It’s hard enough to keep up with what’s going on with one tool, but I do think it’s worthwhile having a diverse toolbox portfolio, if you will, when it comes to the tools you use. So, yeah, that’s kind of my take on Divi as well. I really am not worried about it. I think we’re gonna see a lot more community aspects to it moving forward and again, I don’t know, I would love to talk with Nick about what the plans are. So, nick, if you’re listening to this by chance or this clip gets to you, hit me up. I would love to know what’s in the works and in the future for Divi. Maybe I’ll even reach out to see if he’s down to chat at some point. But yeah, I would imagine we would see a push for more community involvement once Divi 5 is live out in the open. And one thing we have to remember, too, is that all of these builders on WordPress are also reacting to what is going on with WordPress, with core and with their page builder, like with Gutenberg, with the block editor. All those things need to work nicely together.

So if you listen to that talk by Matt Mullenweg, it does get a little nerdy, it does get a little developer speak, but even if you’re not far into the development world like me, you’ll still get a sense. I think that they are keeping WordPress up-to-date with standards that are changing online and they’re also trying to innovate the core of WordPress to make sure it is better for developers and for all the tools that play with it, but also not trying to change the core of WordPress to where, like do it doesn’t work anymore or elementary doesn’t work. Can you imagine that, like if WordPress changed something about the post types or their structure and then it just like broke every theme that we use it? I mean, you can imagine. Oh, I just it’s one reason I’m not in the developer or plug-in or theme where I just can’t imagine how that all plays together.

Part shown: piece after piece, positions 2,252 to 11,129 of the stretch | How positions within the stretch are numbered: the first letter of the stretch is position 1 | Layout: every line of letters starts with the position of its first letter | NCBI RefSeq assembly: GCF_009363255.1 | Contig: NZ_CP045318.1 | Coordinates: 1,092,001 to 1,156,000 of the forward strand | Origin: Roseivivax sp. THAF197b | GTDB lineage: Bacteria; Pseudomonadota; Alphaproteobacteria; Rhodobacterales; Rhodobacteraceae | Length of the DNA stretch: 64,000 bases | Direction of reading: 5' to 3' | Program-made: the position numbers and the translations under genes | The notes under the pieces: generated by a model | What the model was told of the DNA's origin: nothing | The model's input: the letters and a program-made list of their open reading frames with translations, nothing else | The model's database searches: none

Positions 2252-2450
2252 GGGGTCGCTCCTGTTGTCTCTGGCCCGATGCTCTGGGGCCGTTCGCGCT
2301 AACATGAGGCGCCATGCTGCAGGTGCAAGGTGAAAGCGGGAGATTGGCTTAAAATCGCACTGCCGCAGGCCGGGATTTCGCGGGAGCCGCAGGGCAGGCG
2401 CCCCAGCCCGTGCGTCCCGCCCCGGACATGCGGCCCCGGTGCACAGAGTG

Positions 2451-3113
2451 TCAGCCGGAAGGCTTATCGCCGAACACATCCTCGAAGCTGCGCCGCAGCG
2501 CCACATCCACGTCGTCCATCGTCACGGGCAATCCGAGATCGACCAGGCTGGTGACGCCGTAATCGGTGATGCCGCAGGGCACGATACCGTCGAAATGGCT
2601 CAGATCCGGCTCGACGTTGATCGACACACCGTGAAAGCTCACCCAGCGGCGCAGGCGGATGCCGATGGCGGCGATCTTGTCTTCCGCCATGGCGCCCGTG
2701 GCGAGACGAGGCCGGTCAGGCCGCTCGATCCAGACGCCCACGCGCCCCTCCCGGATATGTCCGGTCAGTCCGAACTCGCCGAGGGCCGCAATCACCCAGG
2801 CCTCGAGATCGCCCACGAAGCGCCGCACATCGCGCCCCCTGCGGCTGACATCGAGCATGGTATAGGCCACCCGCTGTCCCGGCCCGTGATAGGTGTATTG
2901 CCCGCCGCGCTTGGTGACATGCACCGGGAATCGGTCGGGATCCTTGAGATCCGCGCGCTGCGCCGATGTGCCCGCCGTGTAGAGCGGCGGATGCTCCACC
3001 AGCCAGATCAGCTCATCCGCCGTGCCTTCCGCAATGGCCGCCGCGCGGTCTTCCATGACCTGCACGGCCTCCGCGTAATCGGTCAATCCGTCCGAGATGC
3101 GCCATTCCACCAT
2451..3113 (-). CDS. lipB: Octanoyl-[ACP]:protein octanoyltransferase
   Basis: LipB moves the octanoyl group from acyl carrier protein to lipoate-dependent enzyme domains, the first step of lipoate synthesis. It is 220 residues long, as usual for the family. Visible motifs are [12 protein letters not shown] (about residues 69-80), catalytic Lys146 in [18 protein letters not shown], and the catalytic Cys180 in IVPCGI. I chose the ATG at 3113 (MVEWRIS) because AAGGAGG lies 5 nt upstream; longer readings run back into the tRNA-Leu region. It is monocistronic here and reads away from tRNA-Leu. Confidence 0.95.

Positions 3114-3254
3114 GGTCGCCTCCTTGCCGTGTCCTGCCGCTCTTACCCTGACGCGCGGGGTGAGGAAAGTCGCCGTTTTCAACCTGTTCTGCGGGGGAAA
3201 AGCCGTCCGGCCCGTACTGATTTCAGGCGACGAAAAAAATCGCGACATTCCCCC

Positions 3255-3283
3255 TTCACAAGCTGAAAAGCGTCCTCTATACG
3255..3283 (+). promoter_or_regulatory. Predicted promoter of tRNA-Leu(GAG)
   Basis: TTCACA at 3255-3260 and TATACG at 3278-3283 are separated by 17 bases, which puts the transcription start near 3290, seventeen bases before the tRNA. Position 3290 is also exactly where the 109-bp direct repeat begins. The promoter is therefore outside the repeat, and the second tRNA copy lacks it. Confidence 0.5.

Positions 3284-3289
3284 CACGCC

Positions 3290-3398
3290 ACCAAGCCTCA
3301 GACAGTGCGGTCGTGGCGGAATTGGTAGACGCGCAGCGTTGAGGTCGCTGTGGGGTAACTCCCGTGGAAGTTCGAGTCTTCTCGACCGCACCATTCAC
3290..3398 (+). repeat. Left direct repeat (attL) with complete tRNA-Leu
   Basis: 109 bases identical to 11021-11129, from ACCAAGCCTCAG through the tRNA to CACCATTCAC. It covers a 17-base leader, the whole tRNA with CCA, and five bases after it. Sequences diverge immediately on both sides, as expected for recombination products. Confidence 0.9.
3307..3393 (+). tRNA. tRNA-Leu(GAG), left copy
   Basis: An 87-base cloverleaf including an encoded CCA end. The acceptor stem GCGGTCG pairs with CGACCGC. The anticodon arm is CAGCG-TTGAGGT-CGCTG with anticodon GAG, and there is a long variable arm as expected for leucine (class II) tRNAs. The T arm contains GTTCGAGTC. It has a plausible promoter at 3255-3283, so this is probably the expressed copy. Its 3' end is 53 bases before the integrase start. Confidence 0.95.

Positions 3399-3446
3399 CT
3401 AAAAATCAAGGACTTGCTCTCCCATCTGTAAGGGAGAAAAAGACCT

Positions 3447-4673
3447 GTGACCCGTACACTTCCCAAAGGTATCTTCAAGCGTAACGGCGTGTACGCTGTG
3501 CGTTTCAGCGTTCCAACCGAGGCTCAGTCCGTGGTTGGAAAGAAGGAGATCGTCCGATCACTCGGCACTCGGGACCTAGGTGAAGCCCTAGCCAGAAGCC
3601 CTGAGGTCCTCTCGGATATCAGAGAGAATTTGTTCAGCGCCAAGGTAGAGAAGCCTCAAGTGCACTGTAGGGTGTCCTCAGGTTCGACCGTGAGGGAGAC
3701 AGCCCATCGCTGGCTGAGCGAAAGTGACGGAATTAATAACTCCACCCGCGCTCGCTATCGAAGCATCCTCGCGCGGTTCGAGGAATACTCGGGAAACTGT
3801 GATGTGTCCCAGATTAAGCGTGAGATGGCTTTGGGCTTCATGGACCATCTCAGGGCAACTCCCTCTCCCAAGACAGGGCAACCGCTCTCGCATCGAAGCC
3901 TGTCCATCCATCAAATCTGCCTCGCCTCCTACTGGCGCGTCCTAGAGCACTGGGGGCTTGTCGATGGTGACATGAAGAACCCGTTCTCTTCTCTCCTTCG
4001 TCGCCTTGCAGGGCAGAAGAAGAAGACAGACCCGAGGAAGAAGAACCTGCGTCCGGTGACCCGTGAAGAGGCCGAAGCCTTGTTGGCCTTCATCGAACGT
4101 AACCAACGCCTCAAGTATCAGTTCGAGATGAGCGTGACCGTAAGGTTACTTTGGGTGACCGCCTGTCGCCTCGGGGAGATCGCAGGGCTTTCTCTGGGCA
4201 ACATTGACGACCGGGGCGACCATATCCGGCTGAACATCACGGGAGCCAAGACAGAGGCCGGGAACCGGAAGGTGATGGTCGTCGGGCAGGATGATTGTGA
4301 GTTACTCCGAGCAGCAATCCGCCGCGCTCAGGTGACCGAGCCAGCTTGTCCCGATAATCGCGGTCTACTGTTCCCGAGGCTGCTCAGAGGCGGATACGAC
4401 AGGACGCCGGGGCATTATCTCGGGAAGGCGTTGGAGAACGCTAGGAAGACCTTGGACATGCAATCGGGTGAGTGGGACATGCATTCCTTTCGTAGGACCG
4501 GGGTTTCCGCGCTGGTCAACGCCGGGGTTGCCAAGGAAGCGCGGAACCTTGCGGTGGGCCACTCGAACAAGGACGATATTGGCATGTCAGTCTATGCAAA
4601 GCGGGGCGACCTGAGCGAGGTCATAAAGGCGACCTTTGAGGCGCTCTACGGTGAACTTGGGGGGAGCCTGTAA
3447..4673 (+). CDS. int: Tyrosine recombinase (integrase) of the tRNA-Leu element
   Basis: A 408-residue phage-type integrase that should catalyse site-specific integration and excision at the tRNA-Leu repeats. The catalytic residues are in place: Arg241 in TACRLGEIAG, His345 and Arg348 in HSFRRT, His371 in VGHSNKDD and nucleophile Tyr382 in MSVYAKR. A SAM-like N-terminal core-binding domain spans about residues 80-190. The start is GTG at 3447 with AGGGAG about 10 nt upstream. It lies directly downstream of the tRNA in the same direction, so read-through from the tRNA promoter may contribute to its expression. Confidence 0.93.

I guess you know. Hats off to everyone who does that, but that is just. It’s beyond me to be able to keep up with what’s going on there, so I’ll let you say that is. One pro and benefit that I see with Divi is that Divi is on the forefront of looking forward to what’s going on and they’re changing their theme and their builder to work with what is going on with WordPress. So I am not concerned. I do think and I do wish there was a bigger community involvement and I hope to see that change here. But I’m definitely not worried about Divi and I don’t have any personal plans to move from Divi at all, unless there’s some reason. I just feel like I would do better with something else. But I can tell you I have no interest in learning a new builder at this stage of the game at my old age of 36.

So those are some thoughts my friends, wordcamp, ai, accessibility, hot topics and what’s going on with Divi. And again, just my thoughts on WordCamp as a whole. Gosh man, I had so much fun with pro members who were there this year. If you do want to join us in Web Designer Pro and join us on some in-person meetups again. Go to joshallco. It is my community that involves three big things Courses all of my courses are involved in your membership and included in your membership when you join Pro, which does have a monthly option. I think the monthly option is very reasonable as a price point wise to get you access to everything. The community is top notch and incredible. Every member will back that up, especially new members. I love seeing new members saying like I can’t believe I didn’t join this sooner. Like this is somebody recently said I finally found a place I feel safe online to be like an actual contributor to, and not just a creeper on, some of these other groups that are I don’t want to use the lingo toxic, but you know what I mean.